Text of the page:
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Practice Model: Problem Solving

Perlman’s model, planned change process model, practice approach based on planned change model

This page has three sections:

  1. Background Material that provides the context for the topic

  2. A suggested Practice Approach

  3. A list of Supporting Material / References

Feedback welcome!

Background Material

Different authors look at the problem-solving model in varying ways.

Murdach (2007) suggests the principal stages of Perlman’s problem-solving model are simply:

  • problem definition,

  • problem analysis (including the generation and review of alternatives), and

  • the need for specific decision about a course of action (including methods of monitoring and evaluating the results of such action).

Chenowith and Lehmann (2008) describe a planned change process model:

Chenowith and Lehman also suggest the model outlined in the Practice Approach that follows. It consists of four phases:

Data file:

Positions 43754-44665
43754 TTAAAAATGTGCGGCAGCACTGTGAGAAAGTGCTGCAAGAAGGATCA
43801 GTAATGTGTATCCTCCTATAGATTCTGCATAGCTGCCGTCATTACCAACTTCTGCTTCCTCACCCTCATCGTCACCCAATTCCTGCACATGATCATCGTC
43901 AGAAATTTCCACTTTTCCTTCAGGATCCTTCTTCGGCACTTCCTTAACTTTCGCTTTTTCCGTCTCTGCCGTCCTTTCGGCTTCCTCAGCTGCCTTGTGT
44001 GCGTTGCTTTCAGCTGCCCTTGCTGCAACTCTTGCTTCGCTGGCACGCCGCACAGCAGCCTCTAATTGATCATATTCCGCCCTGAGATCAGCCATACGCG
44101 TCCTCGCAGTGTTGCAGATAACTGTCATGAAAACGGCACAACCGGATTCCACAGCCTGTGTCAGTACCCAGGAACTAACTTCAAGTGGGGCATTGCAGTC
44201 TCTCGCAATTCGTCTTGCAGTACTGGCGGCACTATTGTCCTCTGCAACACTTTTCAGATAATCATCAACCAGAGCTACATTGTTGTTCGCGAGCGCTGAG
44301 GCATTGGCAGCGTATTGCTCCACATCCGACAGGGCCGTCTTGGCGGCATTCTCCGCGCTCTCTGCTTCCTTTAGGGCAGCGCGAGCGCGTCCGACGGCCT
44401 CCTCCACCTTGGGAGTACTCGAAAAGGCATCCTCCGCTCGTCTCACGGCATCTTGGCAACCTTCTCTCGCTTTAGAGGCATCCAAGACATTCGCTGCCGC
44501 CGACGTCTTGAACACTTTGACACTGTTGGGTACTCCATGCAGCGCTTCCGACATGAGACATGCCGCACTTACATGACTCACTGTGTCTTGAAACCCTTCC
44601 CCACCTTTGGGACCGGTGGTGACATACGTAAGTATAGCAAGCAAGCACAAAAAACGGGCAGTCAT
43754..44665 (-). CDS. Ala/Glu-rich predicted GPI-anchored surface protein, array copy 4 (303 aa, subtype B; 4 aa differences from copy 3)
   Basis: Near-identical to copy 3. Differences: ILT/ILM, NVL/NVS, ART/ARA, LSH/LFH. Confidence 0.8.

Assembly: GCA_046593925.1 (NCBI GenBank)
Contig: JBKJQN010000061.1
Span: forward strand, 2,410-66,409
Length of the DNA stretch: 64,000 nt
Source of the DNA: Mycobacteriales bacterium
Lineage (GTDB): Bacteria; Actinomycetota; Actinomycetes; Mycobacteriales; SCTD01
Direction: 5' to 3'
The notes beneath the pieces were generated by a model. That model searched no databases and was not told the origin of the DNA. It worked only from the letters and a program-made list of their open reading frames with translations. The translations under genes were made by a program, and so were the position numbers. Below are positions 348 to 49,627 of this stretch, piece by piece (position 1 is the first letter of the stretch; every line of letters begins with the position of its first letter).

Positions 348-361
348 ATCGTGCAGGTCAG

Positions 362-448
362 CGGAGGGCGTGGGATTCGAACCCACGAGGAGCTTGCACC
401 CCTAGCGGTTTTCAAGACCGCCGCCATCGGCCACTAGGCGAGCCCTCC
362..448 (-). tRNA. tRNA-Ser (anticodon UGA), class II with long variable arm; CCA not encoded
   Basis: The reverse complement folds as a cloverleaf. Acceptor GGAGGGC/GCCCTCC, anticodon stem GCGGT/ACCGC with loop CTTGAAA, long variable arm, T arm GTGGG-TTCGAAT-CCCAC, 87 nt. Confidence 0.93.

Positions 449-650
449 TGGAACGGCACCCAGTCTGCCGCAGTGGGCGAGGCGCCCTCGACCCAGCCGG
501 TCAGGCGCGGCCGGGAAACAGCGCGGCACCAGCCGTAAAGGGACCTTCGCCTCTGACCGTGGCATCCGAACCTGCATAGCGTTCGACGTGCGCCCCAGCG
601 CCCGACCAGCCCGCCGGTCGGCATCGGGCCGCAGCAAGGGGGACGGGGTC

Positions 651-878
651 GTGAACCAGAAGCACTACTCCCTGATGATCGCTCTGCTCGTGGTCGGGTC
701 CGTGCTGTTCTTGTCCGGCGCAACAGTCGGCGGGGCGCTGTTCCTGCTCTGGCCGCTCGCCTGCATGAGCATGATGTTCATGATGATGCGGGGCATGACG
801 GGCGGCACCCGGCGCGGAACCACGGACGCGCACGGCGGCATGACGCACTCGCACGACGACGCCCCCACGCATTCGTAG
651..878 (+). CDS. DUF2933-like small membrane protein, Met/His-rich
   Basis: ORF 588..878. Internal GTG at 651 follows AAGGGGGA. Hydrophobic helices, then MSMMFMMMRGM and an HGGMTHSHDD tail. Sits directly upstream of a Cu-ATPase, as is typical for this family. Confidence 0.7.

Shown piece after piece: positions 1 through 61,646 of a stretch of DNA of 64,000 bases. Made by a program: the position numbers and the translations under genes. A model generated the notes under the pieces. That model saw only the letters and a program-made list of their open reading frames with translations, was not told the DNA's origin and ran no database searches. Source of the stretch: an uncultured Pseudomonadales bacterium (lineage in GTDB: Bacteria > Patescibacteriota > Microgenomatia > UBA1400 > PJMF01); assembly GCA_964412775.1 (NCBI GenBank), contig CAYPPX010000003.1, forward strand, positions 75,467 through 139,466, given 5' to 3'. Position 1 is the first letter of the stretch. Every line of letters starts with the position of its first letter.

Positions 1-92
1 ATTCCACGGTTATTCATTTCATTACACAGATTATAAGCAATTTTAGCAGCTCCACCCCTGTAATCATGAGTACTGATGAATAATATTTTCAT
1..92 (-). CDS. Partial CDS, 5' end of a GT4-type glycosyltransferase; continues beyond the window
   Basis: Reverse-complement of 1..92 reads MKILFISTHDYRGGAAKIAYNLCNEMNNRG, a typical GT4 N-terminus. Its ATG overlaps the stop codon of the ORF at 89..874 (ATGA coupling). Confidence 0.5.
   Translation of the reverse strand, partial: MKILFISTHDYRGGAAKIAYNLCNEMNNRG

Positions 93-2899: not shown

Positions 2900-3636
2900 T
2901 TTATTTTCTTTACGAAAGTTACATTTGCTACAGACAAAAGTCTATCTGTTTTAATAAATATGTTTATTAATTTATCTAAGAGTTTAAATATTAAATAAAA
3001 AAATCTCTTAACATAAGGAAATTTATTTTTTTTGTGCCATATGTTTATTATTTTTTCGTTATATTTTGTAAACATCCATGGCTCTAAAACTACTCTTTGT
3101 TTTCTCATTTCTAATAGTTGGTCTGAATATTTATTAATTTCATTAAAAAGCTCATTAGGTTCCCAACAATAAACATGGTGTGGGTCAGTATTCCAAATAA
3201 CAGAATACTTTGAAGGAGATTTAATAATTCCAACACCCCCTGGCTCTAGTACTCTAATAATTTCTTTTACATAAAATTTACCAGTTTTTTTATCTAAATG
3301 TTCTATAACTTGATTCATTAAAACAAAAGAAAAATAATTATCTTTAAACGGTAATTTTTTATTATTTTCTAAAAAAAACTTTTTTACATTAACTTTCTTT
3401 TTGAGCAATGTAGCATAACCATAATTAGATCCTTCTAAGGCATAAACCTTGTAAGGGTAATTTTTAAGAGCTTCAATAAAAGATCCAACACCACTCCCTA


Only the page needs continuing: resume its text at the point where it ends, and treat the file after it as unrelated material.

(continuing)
1. The engagement phase involves making contact, exploring needs and setting preliminary goals.

  2. The assessment phase involves collecting information, prioritising issues and agreeing on action.

  3. The intervention phase involves implementing and modifying strategies to achieve goals.

  4. The evaluation phase involves reviewing what has happened, celebrating progress and either concluding the work or negotiating a continued relationship.

Practice Approach

Supporting Material

(available on request)

Chenoweth, L. M. D. (2014). Road to Social Work and Human Service Practice. South Melbourne: Cengage Learning Australia. Retrieved from

Coady, N, & Lehmann, P. (2008). The problem-solving model: A framework for integrating science and art of practice. In N. Coady & P. Lehmann, Theoretical Perspectives for Direct Social Work Practice (pp. 67-86). New York: Springer Publishing Company. Retrieved from

Murdach, A. D. (2007). Helen Harris Perlman and the problem solving method. Retrieved from


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